I was at B&H for two years, during which time I realized that what I really wanted to do was to work for a classical record label. I saw an ad in the London Evening Standard one day, and it was a completely basic, banal ad, obviously placed by an agency, and it said something like “Record company seeks person.” I mean, really so basic! But I thought I’d look into it, and contacted the agency, and they sent me for an interview. Deutsche Grammophon was the label, which was strangely the only classical label I had ever wanted to work for. It was the perfect label for me. I went for an interview, and it turned out that the job was for stock control. So, during the interview I said “Well, I’m not sure that this is the job for me.” And they agreed, and said that they’d keep my name on file in case anything else came up. Of course, I was pretty disappointed and went back to my office…but later that afternoon I got a call, and it was DG saying “Forget the first job, we actually have another job that’s about to open for Advertising Manager, Would you like to come and do that?”  “Of course I would, thank you very much!” And for three years I did the press, trade and program book advertising for DG and its sister label, Philips, in the UK. After three years I got a call from the head office in Hamburg, (and here is the aforementioned irony), inviting me to move to Germany to work in their head office in Hamburg because I was fluent in German. My love for living abroad made it an easy choice, and in 1984 I moved, and although I initially thought I would be there for two or three years, in the end I was there for 15 years.

Amazing. You were in the thick of things, at one of the biggest, best labels in the world, right when the classical music recording industry was really booming.

True. I went in as Product Manager, responsible for all new releases, and then a few years later became Head of Product Management, which included back-catalogue re-releases and some marketing responsibilities.  But I remember my first day, when I was meeting everybody, and I met the producers. And I thought “Oh, that’s the job I really want, but it’s really not a job I’m ever going to get, because I have no musical education.” And then ten years later I became a producer! There were two types of producer at DG, Recording Producers and Executive Producers. Executive producers are rather like those in the film industry – they look after the recording careers of soloists and conductors, putting together their recording schedules & plans, deciding rep with the marketing department, and then putting it all together and making the projects happen – booking the halls, soloists, etc.  I was lucky enough to work with a number of extraordinary musicians such as conductors Oliver Knussen, Mikhail Pletnev, André Previn, Christian Thielemann, Neeme Järvi, and baritone Bryn Terfel.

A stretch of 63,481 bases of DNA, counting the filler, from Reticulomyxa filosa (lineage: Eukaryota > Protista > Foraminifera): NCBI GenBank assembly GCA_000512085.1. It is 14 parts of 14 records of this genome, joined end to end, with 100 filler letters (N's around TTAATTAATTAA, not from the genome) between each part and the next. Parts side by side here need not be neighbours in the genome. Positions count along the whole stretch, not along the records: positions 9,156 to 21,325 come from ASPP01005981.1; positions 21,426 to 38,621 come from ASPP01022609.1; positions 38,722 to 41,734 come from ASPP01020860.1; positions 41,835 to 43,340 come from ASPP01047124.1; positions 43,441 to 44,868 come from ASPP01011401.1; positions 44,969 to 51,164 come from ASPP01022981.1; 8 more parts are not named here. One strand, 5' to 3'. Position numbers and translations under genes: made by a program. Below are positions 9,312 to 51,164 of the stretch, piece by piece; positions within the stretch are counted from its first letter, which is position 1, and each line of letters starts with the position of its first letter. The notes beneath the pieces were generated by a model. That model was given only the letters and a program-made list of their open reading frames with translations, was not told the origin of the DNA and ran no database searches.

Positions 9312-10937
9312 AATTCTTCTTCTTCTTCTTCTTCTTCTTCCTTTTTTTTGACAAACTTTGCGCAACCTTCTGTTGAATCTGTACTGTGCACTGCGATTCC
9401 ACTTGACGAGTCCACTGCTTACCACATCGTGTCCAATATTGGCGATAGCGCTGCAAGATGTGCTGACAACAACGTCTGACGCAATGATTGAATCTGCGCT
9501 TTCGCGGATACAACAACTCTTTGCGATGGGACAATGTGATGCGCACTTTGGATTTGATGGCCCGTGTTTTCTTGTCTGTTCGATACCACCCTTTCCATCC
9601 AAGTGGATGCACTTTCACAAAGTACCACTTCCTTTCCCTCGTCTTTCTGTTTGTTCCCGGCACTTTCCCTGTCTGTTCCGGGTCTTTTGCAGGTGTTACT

That job, and this job at the NSO, have been the two most fulfilling jobs I’ve ever had – I’ve enjoyed them all, but these two were/are the best.

You’re obviously not still with DG now – what happened, and when?

In 1999 the writing was on the wall for the major classical labels. When I started in 1981 there were, I don’t know, maybe 15 complete Beethoven symphony cycles on disc. But by 1999 there were perhaps three or four times as many.  But there weren’t three or four times as many buyers and costs had increased, sales were down, and it was clear that product was flooding the market. The labels were looking for the next 3 Tenors, the next blockbuster, which didn’t fit with my aesthetic. And I was ready for the next challenge. I went to London and worked in artist management with Harrison Parrott. It wasn’t a great fit for me, because I was suddenly on the other side of the fence.  I think I felt more at home as a “buyer” and much less so as a “salesman”. It’s a subtle shift of perspective, but one that I struggled to make. I stuck it out for 2 years and then I was offered a position back in Germany, but I wasn’t quite ready to move back there or to take on that particular position. So I freelanced for a bit – I worked with a Baroque ensemble in the UK, a contemporary group in Oslo in Norway, a contemporary music festival, a music publisher, a couple of individual artists – and then three years later I got two almost-simultaneous phone calls.